Another reason why Open Access is not the right term for these journals (although I have heard it used), is that not all of them are Open Access. Nature Communications allows authors to choose whether to pay to make their article freely accessible to readers (if not, the article will be available only to institutional subscribers or via pay-per-view). The Nature Publishing Group website states: “Nature will continue to publish the most significant advances in science.” Nature Communications will publish high-quality papers from all areas of science that represent important advances within specific scientific disciplines, but that might not necessarily have the scientific reach of papers published in Nature’.
So, how should we describe journals like BMJ Open, PLoS ONE, and Nature Communications to distinguish them from more traditional journals? I have used the term non-selective, but that’s not quite right – these journals do select (a bit), it’s just that they use radically different criteria for acceptance. It’s unreasonable to expect any publisher to describe their product as a journal for unimportant or even low-impact research, even it that’s mainly what they publish. Several publishers seem drawn to naval metaphors describing their more selective titles as their flagship publications. So perhaps that makes the others “second-class ships of the line” or whatever the opposite of flagship is (my husband suggested bumboat, but I doubt this will catch on). (Incidentally, Wikipedia informed me that flagships were usually the most heavily armed so the term is particularly apt for journals with high rejection rates.) Family analogies also appear, with journals having “sister publications” but, strangely, never brothers or parents.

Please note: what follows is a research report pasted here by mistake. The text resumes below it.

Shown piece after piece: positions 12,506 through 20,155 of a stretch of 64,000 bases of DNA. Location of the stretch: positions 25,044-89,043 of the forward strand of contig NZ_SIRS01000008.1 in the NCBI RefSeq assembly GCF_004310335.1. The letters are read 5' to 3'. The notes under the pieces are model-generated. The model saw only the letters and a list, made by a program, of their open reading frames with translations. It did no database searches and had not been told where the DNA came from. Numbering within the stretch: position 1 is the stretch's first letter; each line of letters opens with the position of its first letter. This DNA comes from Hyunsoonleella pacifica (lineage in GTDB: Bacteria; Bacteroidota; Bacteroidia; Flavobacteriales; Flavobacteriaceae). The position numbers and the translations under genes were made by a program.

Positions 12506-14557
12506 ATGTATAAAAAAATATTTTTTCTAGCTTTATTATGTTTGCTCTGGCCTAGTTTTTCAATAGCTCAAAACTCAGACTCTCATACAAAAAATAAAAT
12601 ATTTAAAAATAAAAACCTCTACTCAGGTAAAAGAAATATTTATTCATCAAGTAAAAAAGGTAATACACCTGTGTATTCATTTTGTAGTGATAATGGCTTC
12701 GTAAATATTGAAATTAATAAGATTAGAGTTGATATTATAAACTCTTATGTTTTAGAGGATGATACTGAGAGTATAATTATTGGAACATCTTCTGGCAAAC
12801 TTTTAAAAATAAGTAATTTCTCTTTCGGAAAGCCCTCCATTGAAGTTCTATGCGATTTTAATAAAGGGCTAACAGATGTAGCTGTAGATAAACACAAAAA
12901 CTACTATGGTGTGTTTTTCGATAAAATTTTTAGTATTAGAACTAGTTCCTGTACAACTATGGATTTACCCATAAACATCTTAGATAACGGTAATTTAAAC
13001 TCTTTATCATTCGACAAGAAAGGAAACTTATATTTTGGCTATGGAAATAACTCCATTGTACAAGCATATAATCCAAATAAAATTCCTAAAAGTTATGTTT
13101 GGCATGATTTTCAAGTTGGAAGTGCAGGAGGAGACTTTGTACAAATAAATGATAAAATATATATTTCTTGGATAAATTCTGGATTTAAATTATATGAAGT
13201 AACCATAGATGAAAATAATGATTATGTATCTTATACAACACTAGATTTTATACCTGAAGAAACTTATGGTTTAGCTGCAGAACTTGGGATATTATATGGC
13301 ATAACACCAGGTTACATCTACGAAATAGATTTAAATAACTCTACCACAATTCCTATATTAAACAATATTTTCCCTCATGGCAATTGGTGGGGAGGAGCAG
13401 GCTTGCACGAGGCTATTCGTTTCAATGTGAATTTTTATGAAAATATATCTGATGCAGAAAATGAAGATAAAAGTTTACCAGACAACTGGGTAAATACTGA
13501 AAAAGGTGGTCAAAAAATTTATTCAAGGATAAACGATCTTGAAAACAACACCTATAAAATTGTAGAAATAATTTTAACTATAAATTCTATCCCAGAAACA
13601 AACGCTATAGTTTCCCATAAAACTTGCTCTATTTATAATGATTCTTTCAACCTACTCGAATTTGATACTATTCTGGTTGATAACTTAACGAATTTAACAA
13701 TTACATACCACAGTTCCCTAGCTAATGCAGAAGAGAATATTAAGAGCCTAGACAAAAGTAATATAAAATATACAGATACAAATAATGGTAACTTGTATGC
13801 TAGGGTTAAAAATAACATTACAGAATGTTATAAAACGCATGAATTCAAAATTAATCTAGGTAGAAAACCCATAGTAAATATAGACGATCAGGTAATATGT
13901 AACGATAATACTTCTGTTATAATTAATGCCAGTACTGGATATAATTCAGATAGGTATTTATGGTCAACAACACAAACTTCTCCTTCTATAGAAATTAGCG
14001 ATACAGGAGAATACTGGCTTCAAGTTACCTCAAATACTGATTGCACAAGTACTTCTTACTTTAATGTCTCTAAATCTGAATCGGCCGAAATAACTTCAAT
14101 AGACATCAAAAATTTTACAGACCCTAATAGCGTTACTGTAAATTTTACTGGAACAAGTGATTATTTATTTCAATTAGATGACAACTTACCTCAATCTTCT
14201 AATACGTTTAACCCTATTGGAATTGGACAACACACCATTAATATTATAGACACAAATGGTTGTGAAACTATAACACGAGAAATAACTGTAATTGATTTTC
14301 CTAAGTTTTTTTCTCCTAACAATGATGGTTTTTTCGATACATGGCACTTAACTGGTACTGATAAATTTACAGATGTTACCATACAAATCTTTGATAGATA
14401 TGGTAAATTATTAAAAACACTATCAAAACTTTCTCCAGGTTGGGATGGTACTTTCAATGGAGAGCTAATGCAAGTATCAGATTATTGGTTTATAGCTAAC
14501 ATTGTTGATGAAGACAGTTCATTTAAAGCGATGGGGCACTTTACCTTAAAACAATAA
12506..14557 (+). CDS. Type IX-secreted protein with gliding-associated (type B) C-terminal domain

I quite like the distinction between reader-driven and author-driven (or author-focused) publications. The highly selective journals clearly prioritise the needs of their readers above those of their potential authors. Maybe that’s a possibility (AFPs and RFPs, perhaps?).
Another difference we might exploit is the way information is sought from these journals. While conventional journals have subscribers or regular readers, the new journals rely on search engines to find articles of interest. Instead of going to a particular journal, or receiving its table of contents, users go to the web (or a portal such as PubMed) and search with key words and then read what they find. But I’ve just taken 54 words to describe this feature and can’t think of a snappier way (search-located sounds tautologous) so that’s no use.
We could use negative terms such as unconventional or non-traditional journals but these aren’t very descriptive or clear and might seem a bit disparaging. Which would be a pity, as I am a big fan of the new journals and think they represent a real advance in making research results more accessible, which has to be a good thing. Much drug development research is pretty unexciting (e.g. we need to know whether medicines interact with warfarin or alcohol – most don’t so the results are negative, but I’d much rather have the information in the public domain than languishing in the drug company’s files). Some negative terms are quite flattering, so I suppose we could use non-discriminatory, impartial or even unprejudiced – but then the conventional journals might object.
The term “general” medical journal already has a specific meaning, and you could argue that the new titles are both catering for a highly specialised readership and a non-specialised one so that’s a non-starter and likely to be confused with specialty journals anyway. We could look to medicines and try “broad-spectrum” but that doesn’t fit the BMC specialty journals. We could focus on the archival function and call them repositories rather than journals, but that’s illogical, as all journals act as repositories.
So, I still don’t know what to call these journals but I want to write and talk about them. Can anybody help me?
Liz Wager PhD is a freelance medical writer, editor, and trainer. She is the current chair of the Committee on Publication Ethics (COPE).